It might have been the end of a very long week. He might have recently been the recipient of some bad news. He might have been feeling his age. He might have been cold and wet and miserable. He might have been - and I suspect he was - insanely jealous that he's still running a little market stall week in, week out for as long as I've been going to Borough while other tea people are supplying Waitrose and winning OFM awards. But I don't care. Had he been nice or friendly or helpful, we'd have added to the large sum of money he'd already happily accepted from these philistines who "don't like tea" and taken a chance on one of the other 20 or so varieties he was selling. But he wasn't nice and he certainly wasn't friendly. What he was was a mealy-mouthed, sanctimonious, hatchet faced little prick with a chip on his shoulder the size of Southwark Cathedral.

I bit my tongue at the time, because when I lose my temper, I really lose it and, after such a nice meal, I didn't want to cause a scene or put a downer on our otherwise lovely day. However, four hours on, I'm still dwelling on his astonishing comment and attitude. And so, in the hope that he reads this and can finally understand why others have eclipsed his success so easily and why I'm never returning to his stall, I'd just like to replay the conversation in the manner that it would normally have happened.

"I see what the problem is. The problem is you don't actually like tea."
Me: "No, the problem is you're a snide, sad, patronising, bitchy little twat."

21 February 2010

Burger Musings

Is there a more divisive food subject than the burger? Having already come in for some good-natured ribbing over my feelings for this humble sandwich, I thought I should maybe try and state my case.

The thing is, I like a burger. When done well, it's a thing of meaty beauty, a handheld snack of quite marvellous potential. When done badly, it's a huge letdown and one of those baffling mysteries. It's meat on a bun, people. How bleeding difficult can it be?

The difference of opinion though seems to boil down to this: I don't worship the American version of the burger. There are a few reasons for this. First of all, I've not eaten that many US burgers. Secondly, I don't intend to. In the UK, when our farmers were responsible for bringing BSE to the market (who knew that feeding sheep to vegetarian creatures would cause problems, eh? Oh yes, that's right. EVERYBODY WITH A FUCKING BRAIN), the problem was identified and steps - proper steps - were taken to try and eradicate the problem. I very much doubt we've got rid of it completely but we're doing better than the US.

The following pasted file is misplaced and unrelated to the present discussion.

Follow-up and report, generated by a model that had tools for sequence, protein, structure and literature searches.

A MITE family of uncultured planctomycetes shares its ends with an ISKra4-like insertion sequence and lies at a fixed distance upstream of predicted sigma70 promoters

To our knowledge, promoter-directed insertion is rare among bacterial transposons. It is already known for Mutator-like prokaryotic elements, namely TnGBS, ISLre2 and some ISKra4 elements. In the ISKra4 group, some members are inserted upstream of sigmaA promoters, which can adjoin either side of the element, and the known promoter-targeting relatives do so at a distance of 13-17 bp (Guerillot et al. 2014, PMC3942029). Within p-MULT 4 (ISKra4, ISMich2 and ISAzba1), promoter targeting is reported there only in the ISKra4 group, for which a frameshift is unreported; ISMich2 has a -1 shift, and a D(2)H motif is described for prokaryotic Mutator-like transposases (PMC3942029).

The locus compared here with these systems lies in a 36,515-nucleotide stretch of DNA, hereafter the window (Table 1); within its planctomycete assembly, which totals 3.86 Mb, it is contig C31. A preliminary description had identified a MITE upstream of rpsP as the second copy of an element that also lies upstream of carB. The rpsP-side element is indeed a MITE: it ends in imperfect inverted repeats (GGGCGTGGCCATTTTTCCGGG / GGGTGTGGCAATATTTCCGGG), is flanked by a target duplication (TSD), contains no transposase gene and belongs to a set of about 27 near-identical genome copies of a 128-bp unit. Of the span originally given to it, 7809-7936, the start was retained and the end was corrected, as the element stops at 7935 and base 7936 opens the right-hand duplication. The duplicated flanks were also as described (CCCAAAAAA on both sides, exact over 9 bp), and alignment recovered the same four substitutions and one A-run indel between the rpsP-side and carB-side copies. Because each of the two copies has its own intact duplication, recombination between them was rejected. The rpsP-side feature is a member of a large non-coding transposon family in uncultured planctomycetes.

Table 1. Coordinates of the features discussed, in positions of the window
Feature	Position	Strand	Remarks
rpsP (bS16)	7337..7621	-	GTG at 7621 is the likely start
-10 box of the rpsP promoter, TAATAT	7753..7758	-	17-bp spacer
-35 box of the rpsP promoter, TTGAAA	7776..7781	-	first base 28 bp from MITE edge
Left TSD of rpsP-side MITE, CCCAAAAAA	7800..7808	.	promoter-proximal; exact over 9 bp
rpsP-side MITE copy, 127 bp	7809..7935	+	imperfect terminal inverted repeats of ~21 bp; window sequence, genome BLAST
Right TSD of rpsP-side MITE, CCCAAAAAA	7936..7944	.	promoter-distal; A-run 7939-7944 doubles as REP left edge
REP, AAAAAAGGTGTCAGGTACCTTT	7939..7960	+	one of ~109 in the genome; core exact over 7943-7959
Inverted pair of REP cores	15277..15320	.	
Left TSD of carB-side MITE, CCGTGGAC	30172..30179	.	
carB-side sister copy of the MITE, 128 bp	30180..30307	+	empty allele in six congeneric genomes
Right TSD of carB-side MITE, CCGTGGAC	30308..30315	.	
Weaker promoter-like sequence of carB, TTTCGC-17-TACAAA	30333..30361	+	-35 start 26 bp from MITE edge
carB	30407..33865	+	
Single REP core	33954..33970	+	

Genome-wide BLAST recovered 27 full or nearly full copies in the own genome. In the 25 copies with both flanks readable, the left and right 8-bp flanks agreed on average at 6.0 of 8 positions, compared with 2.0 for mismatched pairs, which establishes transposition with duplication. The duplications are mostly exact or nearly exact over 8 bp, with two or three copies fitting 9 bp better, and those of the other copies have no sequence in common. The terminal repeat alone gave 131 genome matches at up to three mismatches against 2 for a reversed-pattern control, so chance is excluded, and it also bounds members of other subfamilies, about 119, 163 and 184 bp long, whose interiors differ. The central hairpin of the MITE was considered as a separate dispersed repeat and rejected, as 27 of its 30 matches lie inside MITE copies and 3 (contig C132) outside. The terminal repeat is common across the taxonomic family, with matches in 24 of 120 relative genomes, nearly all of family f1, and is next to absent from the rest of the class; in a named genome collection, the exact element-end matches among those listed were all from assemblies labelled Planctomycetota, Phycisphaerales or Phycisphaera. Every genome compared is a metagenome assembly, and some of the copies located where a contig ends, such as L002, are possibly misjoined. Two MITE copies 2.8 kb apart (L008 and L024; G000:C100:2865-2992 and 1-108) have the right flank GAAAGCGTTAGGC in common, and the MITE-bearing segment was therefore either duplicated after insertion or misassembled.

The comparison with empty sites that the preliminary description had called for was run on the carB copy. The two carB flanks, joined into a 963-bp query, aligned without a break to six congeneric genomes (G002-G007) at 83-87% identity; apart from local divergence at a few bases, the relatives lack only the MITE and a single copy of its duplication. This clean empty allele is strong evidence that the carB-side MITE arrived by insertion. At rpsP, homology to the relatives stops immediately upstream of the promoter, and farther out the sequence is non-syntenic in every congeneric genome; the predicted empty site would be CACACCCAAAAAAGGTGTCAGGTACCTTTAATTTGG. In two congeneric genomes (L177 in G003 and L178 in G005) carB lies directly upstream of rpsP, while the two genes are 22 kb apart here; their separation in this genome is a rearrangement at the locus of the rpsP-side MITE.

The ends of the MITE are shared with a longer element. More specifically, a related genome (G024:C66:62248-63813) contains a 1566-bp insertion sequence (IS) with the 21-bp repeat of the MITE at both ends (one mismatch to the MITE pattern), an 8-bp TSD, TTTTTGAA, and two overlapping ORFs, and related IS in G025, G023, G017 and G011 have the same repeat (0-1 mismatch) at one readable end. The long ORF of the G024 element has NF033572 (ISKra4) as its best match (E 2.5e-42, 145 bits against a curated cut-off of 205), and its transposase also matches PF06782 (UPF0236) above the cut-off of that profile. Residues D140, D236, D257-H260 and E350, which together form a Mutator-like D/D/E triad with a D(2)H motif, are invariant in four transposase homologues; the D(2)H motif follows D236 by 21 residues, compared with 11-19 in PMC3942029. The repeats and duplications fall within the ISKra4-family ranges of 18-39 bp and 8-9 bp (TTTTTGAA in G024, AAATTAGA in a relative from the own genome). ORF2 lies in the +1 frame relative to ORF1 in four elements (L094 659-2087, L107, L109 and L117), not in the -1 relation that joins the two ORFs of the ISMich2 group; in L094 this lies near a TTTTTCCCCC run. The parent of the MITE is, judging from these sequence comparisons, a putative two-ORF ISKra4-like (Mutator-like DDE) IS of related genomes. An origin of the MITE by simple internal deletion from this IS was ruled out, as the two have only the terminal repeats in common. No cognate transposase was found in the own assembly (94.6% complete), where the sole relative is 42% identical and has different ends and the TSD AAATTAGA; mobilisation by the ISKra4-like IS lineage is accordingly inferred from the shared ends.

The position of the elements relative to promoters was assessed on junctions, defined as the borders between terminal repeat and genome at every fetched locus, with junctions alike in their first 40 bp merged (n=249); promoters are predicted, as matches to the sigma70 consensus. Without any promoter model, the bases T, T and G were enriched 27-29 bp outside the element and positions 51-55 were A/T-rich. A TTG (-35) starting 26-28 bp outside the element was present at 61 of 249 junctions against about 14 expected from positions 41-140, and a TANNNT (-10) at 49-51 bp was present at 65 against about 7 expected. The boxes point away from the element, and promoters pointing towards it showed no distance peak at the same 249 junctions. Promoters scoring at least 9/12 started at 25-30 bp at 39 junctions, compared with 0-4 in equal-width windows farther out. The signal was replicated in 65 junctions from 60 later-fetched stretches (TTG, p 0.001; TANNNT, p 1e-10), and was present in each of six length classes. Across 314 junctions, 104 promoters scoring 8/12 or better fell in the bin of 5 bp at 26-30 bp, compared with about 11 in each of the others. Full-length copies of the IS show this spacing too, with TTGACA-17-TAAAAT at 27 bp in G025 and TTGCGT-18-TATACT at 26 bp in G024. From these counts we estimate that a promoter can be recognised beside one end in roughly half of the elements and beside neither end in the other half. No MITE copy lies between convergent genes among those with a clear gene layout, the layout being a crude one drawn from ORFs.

Yes, I know the US doesn't "officially" have a BSE problem. But do you know why that is? Because the responsibility for reporting BSE in the US lies with the farmer. As soon as that switch was made, rather than, say, being monitored by an independent body with the public interest at heart, the BSE problem in the US disappeared overnight. Remarkable eh? Who'd have thought it? Farmers who one day had a BSE problem cured it all overnight. It's a modern day farming miracle...

As great as I'm sure the In N Out burger is - and people whose palates I generally trust clearly love them - I can't see how you can sell that amount of beef for that price without it being mechanically recovered. Or, given their claims for the meat, by screwing a few cattle farmers to the wall. Either way, it's not something I find particularly appetising. Accordingly, while the sort of burgers served up across the UK by the "quality" chains might not be "authentic", I don't really care. In several cases they taste of decent meat on a bun, and, while provenance might have become a bit of a cliche, I'd rather that than potentially disease-ridden beef.